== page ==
The barium swallow, also known as a barium esophagogram or esophagram, is a contrast-enhanced radiographic study commonly used to assess structural characteristics of the entirety of the esophagus. It may be used in the diagnosis of a wide range of pathologies including esophageal motility disorders, strictures, and perforations. It may also be used to characterize more distal issues such as hiatal hernias or gastric volvulus. It may also be used in some capacity to evaluate swallowing at the pharyngeal level, but that is a function that is often served by a Videofluoroscopic Swallow Study.
The barium esophagogram is noninvasive and readily performed, requiring only radiographic still-image capability and contrast medium. As such, it is still a useful exam despite the current wide availability of CT imaging. The use of barium, specifically, barium sulfate, is considered to result in a more sensitive study when compared to those utilizing water-soluble agents such as Gastrografin/diatrizoate.
As with all imaging, interpretation of a barium esophagram requires a knowledge of anatomy and function.
The esophagus is a roughly 20 to 25 cm portion of the gastrointestinal (GI) tract that lies between the oral cavity and stomach. Its role is to transport both solid and liquid oral intake distally to the rest of the GI tract in a coordinated fashion.
The origin of the esophagus is at the level of the cricoid cartilage. This is where the inferior pharyngeal constrictor muscle abuts the cricopharyngeus muscle. This area is known as the upper esophageal sphincter (UES). At the distal end, the esophagus terminates at the lower esophageal sphincter (LES), which is an area of muscular thickening that occurs where the esophagus passes through its diaphragmatic hiatus. When normal anatomy of the LES is disrupted, such as with a hiatal hernia, the sphincter is mechanically defective and can lead to common pathologies such as gastroesophageal reflux.
The UES serves to prevent air from entering the GI tract and prevent reflux of distal GI tract contents into the pharynx. It is located around 15 cm from the incisors. It is composed mainly of the inferior pharyngeal constrictor musculature, specifically the cricopharyngeal portion (also sometimes referenced as the cricopharyngeus muscle). This is notable as it is the most common site of iatrogenic perforation during endoscopy.
The LES, similarly to the UES, plays a critical role in preventing reflux of gastric contents. It is closed at rest but does undergo periodic relaxations from unclear causes and for unclear reasons. As stated earlier, the incompetence of the LES is related to common pathologies such as gastroesophageal reflux disease (GERD) and Barrett metaplasia. The LES is located around 40 cm from the incisors.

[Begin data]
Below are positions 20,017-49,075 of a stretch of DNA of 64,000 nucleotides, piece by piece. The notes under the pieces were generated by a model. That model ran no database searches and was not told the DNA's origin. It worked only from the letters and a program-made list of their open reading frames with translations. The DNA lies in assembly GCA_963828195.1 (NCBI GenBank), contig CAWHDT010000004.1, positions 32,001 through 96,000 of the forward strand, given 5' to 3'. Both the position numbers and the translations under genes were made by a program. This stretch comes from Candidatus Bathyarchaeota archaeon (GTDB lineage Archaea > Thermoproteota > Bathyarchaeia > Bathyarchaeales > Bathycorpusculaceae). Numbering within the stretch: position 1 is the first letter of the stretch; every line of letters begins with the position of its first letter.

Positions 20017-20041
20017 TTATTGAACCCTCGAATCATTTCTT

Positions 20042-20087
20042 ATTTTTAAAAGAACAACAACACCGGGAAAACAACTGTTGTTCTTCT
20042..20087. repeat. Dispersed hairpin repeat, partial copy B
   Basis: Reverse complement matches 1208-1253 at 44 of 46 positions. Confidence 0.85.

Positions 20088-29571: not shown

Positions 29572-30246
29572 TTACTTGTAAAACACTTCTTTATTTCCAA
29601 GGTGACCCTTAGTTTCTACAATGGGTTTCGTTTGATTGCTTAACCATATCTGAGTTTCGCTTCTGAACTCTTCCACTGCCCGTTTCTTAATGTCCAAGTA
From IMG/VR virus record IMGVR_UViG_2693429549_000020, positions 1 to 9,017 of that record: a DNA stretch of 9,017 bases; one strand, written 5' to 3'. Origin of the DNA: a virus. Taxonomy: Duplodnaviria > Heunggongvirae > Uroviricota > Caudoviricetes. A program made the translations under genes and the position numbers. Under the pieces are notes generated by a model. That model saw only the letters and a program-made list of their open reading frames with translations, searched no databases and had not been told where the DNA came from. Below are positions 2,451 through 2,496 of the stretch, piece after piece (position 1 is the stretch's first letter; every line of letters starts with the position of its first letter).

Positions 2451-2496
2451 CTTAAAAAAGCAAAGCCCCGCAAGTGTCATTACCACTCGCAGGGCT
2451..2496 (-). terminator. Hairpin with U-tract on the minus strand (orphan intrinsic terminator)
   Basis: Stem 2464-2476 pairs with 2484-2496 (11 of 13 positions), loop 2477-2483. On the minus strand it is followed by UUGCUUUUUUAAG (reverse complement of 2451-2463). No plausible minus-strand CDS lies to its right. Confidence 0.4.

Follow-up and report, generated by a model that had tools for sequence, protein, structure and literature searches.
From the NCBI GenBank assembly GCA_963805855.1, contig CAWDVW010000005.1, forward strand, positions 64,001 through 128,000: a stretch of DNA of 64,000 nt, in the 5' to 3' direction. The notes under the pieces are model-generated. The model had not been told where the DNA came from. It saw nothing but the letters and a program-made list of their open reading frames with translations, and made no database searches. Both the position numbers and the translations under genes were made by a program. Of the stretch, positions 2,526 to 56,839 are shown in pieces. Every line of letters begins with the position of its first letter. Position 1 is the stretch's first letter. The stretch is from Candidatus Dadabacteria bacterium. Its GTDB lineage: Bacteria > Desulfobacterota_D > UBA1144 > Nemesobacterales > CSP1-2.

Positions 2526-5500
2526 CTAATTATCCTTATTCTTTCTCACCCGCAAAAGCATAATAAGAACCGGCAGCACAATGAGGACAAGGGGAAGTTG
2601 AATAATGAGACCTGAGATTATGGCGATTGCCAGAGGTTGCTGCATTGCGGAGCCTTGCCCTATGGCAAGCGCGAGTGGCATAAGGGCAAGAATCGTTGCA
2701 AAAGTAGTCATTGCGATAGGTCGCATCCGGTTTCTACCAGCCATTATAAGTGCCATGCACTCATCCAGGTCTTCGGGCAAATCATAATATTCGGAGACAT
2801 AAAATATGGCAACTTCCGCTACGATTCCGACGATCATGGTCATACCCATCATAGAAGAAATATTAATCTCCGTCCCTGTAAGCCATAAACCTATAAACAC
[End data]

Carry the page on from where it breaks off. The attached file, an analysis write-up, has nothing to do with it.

In between the esophageal sphincters is the esophageal body. This serves to propel food to the stomach via peristalsis. Although it is functionally a smooth tube, three anatomic landmarks are clinically important and commonly described in the literature as they cause esophageal narrowing. The first is at the UES at the level of the cricoid cartilage. In the mid-portion, the aortic arch and left mainstem bronchus provide some extrinsic compression. The final narrowing is at the LES, which should denote the esophageal hiatus of the diaphragm.
The histologic structure of the esophagus follows the same general schema seen in other muscular GI tract organs. Its wall is composed of several layers including a squamous epithelial mucosa, a muscular layer, and adventitia as its outermost layer. Note that most intraperitoneal portions of the GI tract have serosa as their outermost layer.
Vascular supply of the esophagus is from the inferior thyroid artery in the cervical portion, by the left gastric and inferior phrenic arteries in the abdomen, and via branches from the bronchial arteries and off the aorta otherwise. Venous drainage is via branches to the azygos and hemiazygos veins except distally, where branches drain to the coronary vein. The coronary vein drains into the portal circulation, which is important as these can become varices in the setting of cirrhosis.
Innervation is via the vagus nerve and adjacent sympathetic trunk.
Barium swallow studies are used to define the structure and, to a lesser extent, function. Pathologies typically seen with barium swallow include esophageal perforations, neoplasms, hiatal hernias, and diverticula. Some motility disorders are also readily diagnosed with barium swallow due to the secondary effects they have on esophageal morphology. This includes achalasia, which is characterized famously by a "bird beak" appearance and a dilated, tortuous, proximal esophagus. Diffuse esophageal spasm is identifiable by a "corkscrew" sign.